Re: How to rise the secondary? (fwd)

---------- Forwarded message ----------
Date: Fri, 24 Jul 1998 21:54:54 +0000
From: "John H. Couture" <couturejh-at-worldnet.att-dot-net>
To: Tesla List <tesla-at-pupman-dot-com>
Subject: Re: How to rise the secondary? (fwd)

  Bart, All -

  Is "just beyond arc-over" important with coupling which only affects the
time of energy transfer? Coupling does not affect the amount of energy
transferred, therefore, going beyond the arc-over point would not affect
spark length.

  Theoretically you could go a 10 ft beyond the arc-over point and it would
only take more time to transfer the energy and would produce the same spark
length. However, if the tuning is inseparable from the coupling then there
would be a reduction in spark length because tuning affects the amount of
energy transferred.

  Some coilers have mentioned the fact that the current losses would
increase with the increase in transfer time and this is correct because
losses involve time for currents to pass thru resistances. It is obvious,
therefore, that to keep losses at a minimum the coupling does not have to be
precise but be close enough so that the losses are negligible.   However,
the tuning must be precise to get 100% magnetic energy transfer.

  I believe the above answers the question about "raising the secondary".
For example, there will always be more flux linkages between the primary and
secondary coils  when the bottom of the secondary is level with the primary
spiral. Moving the secondary away from the primary will only reduce the
linkages and shorten the spark.

  "Quenching is providing an energy transfer". This sounds like you are
confusing quenching with "spark duration" which involves the amount of time
that energy is transferred. Quenching is only the action of turning off the
spark which brings up more questions.

  There have been hundreds of articles in the past that have tried to
explain how a Tesla coils works. All of these articles ignore many details
that indicates we still have a lot to learn about Tesla coil operation and
design. When it comes to magnifiers we are only in a primitive testing stage
so empirical design is not possible. It could turn out that when we learn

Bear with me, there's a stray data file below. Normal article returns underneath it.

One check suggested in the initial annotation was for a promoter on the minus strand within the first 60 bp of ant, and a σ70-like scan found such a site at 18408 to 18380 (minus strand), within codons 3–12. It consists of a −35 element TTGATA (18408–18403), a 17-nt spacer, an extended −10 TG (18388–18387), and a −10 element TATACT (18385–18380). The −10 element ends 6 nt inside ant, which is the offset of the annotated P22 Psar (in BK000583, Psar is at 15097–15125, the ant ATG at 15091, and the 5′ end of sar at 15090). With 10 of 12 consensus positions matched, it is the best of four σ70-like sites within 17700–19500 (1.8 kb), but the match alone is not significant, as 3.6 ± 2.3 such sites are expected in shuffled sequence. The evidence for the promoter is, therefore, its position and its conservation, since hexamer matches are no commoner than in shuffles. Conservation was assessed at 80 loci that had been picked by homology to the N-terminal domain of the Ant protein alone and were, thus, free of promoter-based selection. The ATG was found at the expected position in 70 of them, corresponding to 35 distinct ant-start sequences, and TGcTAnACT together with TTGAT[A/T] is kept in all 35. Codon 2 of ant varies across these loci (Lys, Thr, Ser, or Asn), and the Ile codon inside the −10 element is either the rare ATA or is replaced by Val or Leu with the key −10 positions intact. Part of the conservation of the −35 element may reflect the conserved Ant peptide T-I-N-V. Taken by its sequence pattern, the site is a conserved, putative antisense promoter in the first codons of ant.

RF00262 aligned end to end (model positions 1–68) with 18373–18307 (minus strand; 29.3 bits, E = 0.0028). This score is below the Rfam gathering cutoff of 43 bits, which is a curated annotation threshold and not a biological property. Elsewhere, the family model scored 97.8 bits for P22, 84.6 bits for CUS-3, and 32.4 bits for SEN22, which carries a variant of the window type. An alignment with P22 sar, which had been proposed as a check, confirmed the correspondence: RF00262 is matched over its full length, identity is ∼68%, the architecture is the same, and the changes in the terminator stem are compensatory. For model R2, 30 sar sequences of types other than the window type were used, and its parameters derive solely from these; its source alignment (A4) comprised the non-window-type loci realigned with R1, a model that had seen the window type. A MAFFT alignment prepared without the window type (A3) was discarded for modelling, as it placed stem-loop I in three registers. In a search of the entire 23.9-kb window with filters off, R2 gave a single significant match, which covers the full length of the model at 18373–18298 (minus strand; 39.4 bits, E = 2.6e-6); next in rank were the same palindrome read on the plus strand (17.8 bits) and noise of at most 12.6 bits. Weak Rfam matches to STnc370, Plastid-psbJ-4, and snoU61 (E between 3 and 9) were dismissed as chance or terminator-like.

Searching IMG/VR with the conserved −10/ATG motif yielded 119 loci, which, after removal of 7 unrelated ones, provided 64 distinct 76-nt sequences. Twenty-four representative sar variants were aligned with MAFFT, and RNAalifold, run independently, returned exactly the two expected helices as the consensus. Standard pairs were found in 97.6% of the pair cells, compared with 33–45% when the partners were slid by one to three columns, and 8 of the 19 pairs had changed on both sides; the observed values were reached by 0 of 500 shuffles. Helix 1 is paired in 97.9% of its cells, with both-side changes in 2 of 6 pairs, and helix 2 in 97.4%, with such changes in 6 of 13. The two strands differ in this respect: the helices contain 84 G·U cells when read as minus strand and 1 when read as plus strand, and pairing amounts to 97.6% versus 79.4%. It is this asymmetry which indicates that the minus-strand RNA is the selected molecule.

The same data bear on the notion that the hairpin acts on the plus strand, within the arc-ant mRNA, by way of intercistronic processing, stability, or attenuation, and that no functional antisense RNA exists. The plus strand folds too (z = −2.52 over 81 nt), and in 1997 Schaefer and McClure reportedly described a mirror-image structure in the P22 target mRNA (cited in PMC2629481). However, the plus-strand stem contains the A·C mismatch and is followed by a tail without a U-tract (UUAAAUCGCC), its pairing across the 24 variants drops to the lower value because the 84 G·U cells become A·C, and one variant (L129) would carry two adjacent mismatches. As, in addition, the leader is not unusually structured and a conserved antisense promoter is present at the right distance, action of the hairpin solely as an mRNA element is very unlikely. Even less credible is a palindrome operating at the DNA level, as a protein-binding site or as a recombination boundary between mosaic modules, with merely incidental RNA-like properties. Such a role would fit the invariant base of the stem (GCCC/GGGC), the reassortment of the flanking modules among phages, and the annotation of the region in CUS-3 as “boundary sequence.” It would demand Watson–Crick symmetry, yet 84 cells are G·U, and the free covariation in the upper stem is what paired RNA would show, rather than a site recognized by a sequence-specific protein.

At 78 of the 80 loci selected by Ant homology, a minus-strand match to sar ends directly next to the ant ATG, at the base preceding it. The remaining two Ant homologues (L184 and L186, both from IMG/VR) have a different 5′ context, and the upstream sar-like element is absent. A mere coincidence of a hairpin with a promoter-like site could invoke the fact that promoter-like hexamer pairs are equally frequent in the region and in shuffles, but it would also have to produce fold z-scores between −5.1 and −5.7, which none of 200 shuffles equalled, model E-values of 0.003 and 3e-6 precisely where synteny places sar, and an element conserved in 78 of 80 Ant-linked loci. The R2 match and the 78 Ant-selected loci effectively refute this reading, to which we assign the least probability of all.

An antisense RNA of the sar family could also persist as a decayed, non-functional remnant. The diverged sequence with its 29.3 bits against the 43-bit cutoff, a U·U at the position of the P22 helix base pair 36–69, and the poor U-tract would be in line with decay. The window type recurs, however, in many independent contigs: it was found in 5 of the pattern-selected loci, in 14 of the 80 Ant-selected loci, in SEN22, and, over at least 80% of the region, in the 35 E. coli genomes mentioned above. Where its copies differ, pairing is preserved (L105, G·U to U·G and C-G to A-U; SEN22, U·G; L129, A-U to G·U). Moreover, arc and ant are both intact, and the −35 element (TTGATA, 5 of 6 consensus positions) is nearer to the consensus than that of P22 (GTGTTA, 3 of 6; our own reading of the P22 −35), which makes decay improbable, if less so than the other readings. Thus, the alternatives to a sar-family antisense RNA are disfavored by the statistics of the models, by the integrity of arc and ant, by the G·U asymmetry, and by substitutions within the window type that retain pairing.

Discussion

how to design the optimun classical Tesla coil the magnifier will not be

   John Couture


At 10:33 PM 7/20/98 -0600, you wrote:
>Content-Type: TEXT/PLAIN; CHARSET=us-ascii
>Content-ID: <Pine.LNX.3.95.980720223312.30930Z-at-pupman-dot-com>
>---------- Forwarded message ----------
>Date: Mon, 20 Jul 1998 22:51:45 -0500
>From: "Barton B. Anderson" <mopar-at-uswest-dot-net>
>To: Tesla List <tesla-at-pupman-dot-com>
>Subject: Re: How to rise the secondary? (fwd)
>John, All,
>Your right. The big question is if the design to "just beyond arc-over" vs
>secondary" increases spark length, etc.. I don't know. Guess more
"emperical data"
>is necessary.
>My post was an extreme laymans term of what is theory. You may be correct
in all
>your comments. I would be the first to admit I know little of the coupling
>such coils. I was trying to relate coupling to the field of flux and how
the aircore
>coil is receiving this field.
>TC tuning has always been (in my mind) tuning a primary to the resonant
frequency of
>sec. Coupling has always been a flux of one coil linking another coil, i.e.,
>coefficient of coupling is a fraction or ratio of total flux that can be
>Comments intersperced below,
>Tesla List wrote:
>> ---------- Forwarded message ----------
>> Date: Sun, 19 Jul 1998 06:07:34 +0000
>> From: "John H. Couture" <couturejh-at-worldnet.att-dot-net>
>> To: Tesla List <tesla-at-pupman-dot-com>
>> Subject: Re: How to rise the secondary? (fwd)
>> 2. Undercoupled (too far away) not enough current, etc. - There is no
>> current to transfer energy from the pri to sec coil, only magnetic flux.
>> There is never any loss of magnetic flux when transferring energy between
>> the coils. Why?
>True, but magnetic flux is produced by current in the primary coil, and the
>field of flux is directly proportional to current which is producing it. The
>transfer of magnetic flux is the real question. Yes, magnetic flux transfer
>energy transfer, but it is the coefficient or fraction of magnetic flux that is
>transferred which equals or relates to the coefficient or fraction of energy
>transferred. Loss is only in a load or current producing heat of some
proportion in
>an inductor regardless of what (or where) that inductor may be. As far as
"there is
>never a loss of magnetic flux", that's true of what we are transferring. If we
>transfer a coefficient of .3, then we get 100% of .3, or 30% of the total flux
>produced. What happens if we could transfer at unity coupling? So far that
>possible in an aircore inductor.

>> 4. K beyond our reach -Quenching is not energy transfer. Quenching is
>> turning off the operating spark, preferably at the right time.
>Yes, but quenching is providing an energy transfer of current in a given
amount of
>time vs. a given amount of current in say double or tripple time which reduces
>energy transfer per time interval. In other words, the coil reacts to 1
second of
>energy better than 3 seconds of the same energy, or better yet, three times
the work
>in the same amount of time.

>>   6.  Spice is a program that uses theoretical electronic equations. If it
>> was "to shape the em field" without empirical data it would not conform to
>> real world coils. Like trying to find the true capacitance of a toroid on
a TC.
>True. But, a measure of real world coil to theoretical coils is interesting
as it
>proposes questions of "why did this "not" do that"? Well worth the fun and
adds to
>the enlightenment of us all. Maybe there's another program for em field
>I'm not aware of?John, thanks for the reply. BTW, do not "give in to criticism"
>until you yourself are convinced. I've always enjoyed your posts and look
forward to
>your comments.
>Best regards,
>>    John couture